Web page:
• Untitled landscape, Bellport, NY (1990)
  • Untitled landscape, Bellport, NY (1991)

Falk is now the exhibitions director and chief curator of Pinajian's estate.

Pinajian was born in 1914 in New Jersey. His parents had fled the mass killings of ethnic Armenians by Ottoman Turks.

He worked as a comic-book illustrator in the 1930s, creating "Madam Fatal," a character considered the first cross-dressing super hero.

He earned a Bronze Star for valor for his service in World War II before training at the Art Students League in New York. Falk says that Pinajian likely came into contact with the well-known American abstract expressionists of the day.
 
Painting 'Morning, Noon, And Night'

Falk says Pinajian had "some sort of breakdown" in 1948, a year in which he wrote a lengthy manifesto on what it means to be a great artist. 

The art historian notes that 1948 was also the year that Arshile Gorky, the most famous Armenian-American artist, committed suicide. Some speculate that Pinajian may have met Gorky in the years before his death.
 
From then on, Pinajian led a near-hermetic existence, depending on his sister for financial support. Art consumed nearly every waking hour until his death.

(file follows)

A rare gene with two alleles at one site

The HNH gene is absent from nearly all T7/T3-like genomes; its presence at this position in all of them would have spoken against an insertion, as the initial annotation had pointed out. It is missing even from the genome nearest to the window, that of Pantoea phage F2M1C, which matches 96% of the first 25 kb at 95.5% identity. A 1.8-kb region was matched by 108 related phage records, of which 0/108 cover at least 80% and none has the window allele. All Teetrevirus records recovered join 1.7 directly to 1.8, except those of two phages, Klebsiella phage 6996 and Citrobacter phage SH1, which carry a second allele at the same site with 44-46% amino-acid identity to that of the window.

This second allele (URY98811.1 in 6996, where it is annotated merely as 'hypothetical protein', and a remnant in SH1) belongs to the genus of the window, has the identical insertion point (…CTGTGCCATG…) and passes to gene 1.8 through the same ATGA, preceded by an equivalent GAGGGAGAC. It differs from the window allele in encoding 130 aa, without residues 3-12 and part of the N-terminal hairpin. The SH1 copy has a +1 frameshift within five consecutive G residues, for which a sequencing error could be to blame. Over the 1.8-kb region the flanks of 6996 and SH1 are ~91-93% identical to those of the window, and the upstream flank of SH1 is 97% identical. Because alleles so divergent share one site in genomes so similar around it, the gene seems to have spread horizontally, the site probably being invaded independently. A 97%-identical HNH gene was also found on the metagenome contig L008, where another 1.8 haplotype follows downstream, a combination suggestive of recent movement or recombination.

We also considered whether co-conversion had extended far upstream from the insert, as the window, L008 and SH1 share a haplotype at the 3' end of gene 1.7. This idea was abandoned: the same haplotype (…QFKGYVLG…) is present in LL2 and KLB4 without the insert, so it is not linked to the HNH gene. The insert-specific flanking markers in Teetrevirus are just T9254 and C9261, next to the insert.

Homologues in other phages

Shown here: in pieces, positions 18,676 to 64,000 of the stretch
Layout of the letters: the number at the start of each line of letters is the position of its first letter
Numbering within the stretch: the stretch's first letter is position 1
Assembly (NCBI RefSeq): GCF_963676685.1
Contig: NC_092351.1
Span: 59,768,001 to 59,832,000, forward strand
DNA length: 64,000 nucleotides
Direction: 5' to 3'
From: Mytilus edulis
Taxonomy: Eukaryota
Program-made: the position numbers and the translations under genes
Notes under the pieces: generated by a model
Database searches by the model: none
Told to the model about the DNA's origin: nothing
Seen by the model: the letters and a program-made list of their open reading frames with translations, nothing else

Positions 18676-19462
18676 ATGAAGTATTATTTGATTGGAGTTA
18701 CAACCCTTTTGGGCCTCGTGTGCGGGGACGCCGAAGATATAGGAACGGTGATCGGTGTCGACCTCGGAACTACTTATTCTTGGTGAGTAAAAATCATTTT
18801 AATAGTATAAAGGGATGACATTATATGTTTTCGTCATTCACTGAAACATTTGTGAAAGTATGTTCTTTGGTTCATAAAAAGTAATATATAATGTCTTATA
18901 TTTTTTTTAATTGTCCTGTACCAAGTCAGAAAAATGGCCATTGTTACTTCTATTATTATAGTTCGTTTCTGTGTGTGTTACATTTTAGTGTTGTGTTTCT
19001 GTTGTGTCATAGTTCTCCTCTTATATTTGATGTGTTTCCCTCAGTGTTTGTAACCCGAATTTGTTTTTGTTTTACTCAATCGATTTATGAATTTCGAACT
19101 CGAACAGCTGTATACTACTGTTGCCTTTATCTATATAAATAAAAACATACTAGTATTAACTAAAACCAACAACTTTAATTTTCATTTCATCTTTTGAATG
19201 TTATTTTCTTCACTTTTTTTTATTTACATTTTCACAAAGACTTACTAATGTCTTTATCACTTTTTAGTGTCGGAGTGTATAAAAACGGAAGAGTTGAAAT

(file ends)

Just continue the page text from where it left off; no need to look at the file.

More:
"When we went to the house, he was always laughing and joking and talking about the old times," recalls Aram Aramian, one of Pinajian's cousins. "He had a good nature about him. But all he wanted to do was paint -- paint, paint, paint. Morning, noon, and night. Every day. Three-hundred and sixty-five days out of the year."

The garage of Arthur Pinaijan's house where thousands of his works were rediscovered after his death. His estate is now worth tens of millions of dollars.
The garage of Arthur Pinaijan's house where thousands of his works were rediscovered after his death. His estate is now worth tens of millions of dollars.